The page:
The National Portrait Gallery in London has been closed for three years. I wish I could say that I’ve missed it. This is a museum with barely any great art in it, a peculiarly British institution that reflects our national cult of celebrity. Since 1856 it has amassed pictures of the great and good, as they were seen in their day, and consistently downgraded art: labels give the sitter first, then the artist. The NPG has always been surface, flash, fame and, artistically, nothingness.
Now it is about to reopen, changed utterly, we’re told. It makes a massive claim to have become a serious temple of art before you even get inside. Tracey Emin has etched female faces with stark intensity on the new bronze doors. This is her answer to Rodin’s The Gates of Hell in Paris – a very personal hell, her pain preserved permanently, facing Leicester Square and the West End crowds. Her soul-baring is apparently a manifesto for the new National Portrait Gallery, an insistence that this is now a place that sees past celebrity to the inner self.
As if. Once you go through the grand new entrance hall on the north side you quickly find it’s the same old cocktail party. This is still a rum collection packed with paintings that are “after” Holbein or “studio of” Van Dyck, and dinosaur oddities such as Sargent’s portrait of 22 first world war generals – you wonder how many youths they sent to their deaths between them. Immense effort has gone into showing these so-so paintings at their very best. The lighting is to die for, the curating erudite and thoughtful. It looks as if weeks of discussion went into every wall colour. There’s a new logo and museum typeface – how much did that cost? – and a gravity worthy of a gallery with much greater things in it.
I watched Sir Joshua Reynolds’s Portrait of Mai, the Pacific islander who sailed to Britain with Captain Cook, being delicately manoeuvred into place in a gallery of Georgian paintings. The National Portrait Gallery has fought to buy this picture and its director, Nicholas Cullinan, calls it “by far the most significant acquisition the gallery has ever made”; but it’s not a painting that holds your gaze long. Reynolds is such a cardboard artist. He gives Mai nobility, for sure – why wouldn’t he? – but his style is so lacking in painterly nuance that all you can really do is “like” it and move on. Perhaps Reynolds has found his moment in the social media age when quick moral judgements are replacing ambiguous aesthetic encounters. Really loved this 18th century image of diversity! #Enlightenment.
You would certainly have to look at art as superficially as that to rave about Yevonde, the early 20th-century photographer who gets a retrospective a couple of levels down. Her art is all surrealistic glamour and artificial colours, with images of women that we are told by the captions are hugely radical yet look the opposite. A 1938 picture of a young woman on a bike has a caption that hails “an active woman … as she travels astride a symbol of women’s liberation”. I don’t see much difference between this and the kind of shallow exhibition the “old” NPG used to do of photographers such as Lord Snowdon and Mario Testino.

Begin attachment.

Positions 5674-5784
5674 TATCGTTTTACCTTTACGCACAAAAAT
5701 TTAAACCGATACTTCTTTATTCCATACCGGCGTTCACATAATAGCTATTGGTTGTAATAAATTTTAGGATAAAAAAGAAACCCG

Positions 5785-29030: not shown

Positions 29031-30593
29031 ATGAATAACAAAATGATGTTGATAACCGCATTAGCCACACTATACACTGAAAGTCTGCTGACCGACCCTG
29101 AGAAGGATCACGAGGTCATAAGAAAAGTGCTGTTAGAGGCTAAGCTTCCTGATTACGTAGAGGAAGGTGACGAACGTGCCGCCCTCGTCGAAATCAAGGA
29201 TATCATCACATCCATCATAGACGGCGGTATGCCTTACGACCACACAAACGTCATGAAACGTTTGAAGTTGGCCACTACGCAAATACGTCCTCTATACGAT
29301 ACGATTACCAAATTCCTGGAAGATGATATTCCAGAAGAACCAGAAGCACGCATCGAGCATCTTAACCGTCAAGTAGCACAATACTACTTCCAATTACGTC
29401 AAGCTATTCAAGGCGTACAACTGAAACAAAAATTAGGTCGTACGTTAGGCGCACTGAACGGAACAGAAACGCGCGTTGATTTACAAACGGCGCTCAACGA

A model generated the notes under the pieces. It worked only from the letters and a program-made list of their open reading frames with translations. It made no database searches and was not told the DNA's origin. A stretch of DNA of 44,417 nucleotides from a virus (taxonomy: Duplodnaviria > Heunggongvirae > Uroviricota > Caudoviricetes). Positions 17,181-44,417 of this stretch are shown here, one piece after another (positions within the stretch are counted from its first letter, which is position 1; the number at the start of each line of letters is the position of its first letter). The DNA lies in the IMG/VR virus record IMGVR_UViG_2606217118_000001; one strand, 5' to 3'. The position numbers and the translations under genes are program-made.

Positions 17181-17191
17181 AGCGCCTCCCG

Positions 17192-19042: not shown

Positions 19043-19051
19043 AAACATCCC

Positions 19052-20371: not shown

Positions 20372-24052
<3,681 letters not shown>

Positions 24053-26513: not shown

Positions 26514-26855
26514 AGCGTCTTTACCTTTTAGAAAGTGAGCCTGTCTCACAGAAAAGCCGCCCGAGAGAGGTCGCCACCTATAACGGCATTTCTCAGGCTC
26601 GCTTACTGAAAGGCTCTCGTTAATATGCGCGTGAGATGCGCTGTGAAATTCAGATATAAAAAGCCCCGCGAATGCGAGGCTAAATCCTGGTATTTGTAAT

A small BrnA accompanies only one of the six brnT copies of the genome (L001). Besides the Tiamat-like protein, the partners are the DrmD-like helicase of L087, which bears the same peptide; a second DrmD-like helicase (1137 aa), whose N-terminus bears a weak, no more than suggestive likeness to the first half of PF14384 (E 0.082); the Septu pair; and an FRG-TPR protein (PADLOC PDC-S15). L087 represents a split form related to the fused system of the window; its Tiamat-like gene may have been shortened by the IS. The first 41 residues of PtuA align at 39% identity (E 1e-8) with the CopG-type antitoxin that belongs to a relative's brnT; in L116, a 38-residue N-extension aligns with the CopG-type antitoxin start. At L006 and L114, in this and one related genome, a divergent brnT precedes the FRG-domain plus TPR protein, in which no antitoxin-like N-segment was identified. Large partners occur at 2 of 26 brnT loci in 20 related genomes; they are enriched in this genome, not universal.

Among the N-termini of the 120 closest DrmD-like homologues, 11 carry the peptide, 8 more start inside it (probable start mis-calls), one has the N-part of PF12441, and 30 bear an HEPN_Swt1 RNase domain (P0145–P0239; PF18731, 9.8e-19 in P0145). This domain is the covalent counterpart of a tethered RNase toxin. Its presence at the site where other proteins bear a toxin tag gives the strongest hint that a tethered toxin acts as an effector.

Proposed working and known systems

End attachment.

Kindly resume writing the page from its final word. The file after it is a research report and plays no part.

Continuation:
The contemporary galleries, too, look oddly familiar under their veneer of reimagineering. Which is a shame because they really needed a proper rethink. Thomas J Price’s statue of a young Black woman looking at her phone among marble busts of dead white people in the entrance hall promises a revolution, but it’s still the same shoddy chaos. In one display a bunch of very ordinary portraits are all outclassed by a really good painting by Alex Katz of Anna Wintour.
You can argue that representation is more important than artistic quality – but that leaves the NPG where it always was, a collection of notable faces with no regard for artistic depth. What is new is a mortal dread of being seen as cosy and middle class, bespeaking a loathing for its traditional audience and determination to woo a completely new crowd who may not even exist. Royal portraits have been scattered around furtively, inserting William and Kate in a wall of ordinary folk (some of us are royal – deal with it), while the late Queen appears with Prince Philip in a photo by Thomas Struth as if to cleanse the shame of royal portraiture with a shower of coolness, Struth being famous for his street photography in New York and Düsseldorf.
It is absurd of the NPG to pretend that it’s a highbrow avant-garde gallery. It is nothing of the sort. Its appeal is conservative and simple: pictures of great Britons. And it comes into its own – just as it did before the ostentatious closure – on the top floor, where portraits of the Tudor, Stuart and Georgian ages take you absorbingly into the past.
The Tudor gallery is gorgeously tenebrous and enigmatic. Henry VIII towers up in Holbein’s lifesize drawing for part of his lost Whitehall Mural, an original, not “workshop of”. The monster monarch is a wall of a man, his codpiece bulging by his phallic dagger as tiny eyes skulk in his fleshy head. It’s a portrait that has a resonance and profundity, of a multiple wife killer and despoiler of monasteries. The biggest bastard in the place still gets the greatest work of art.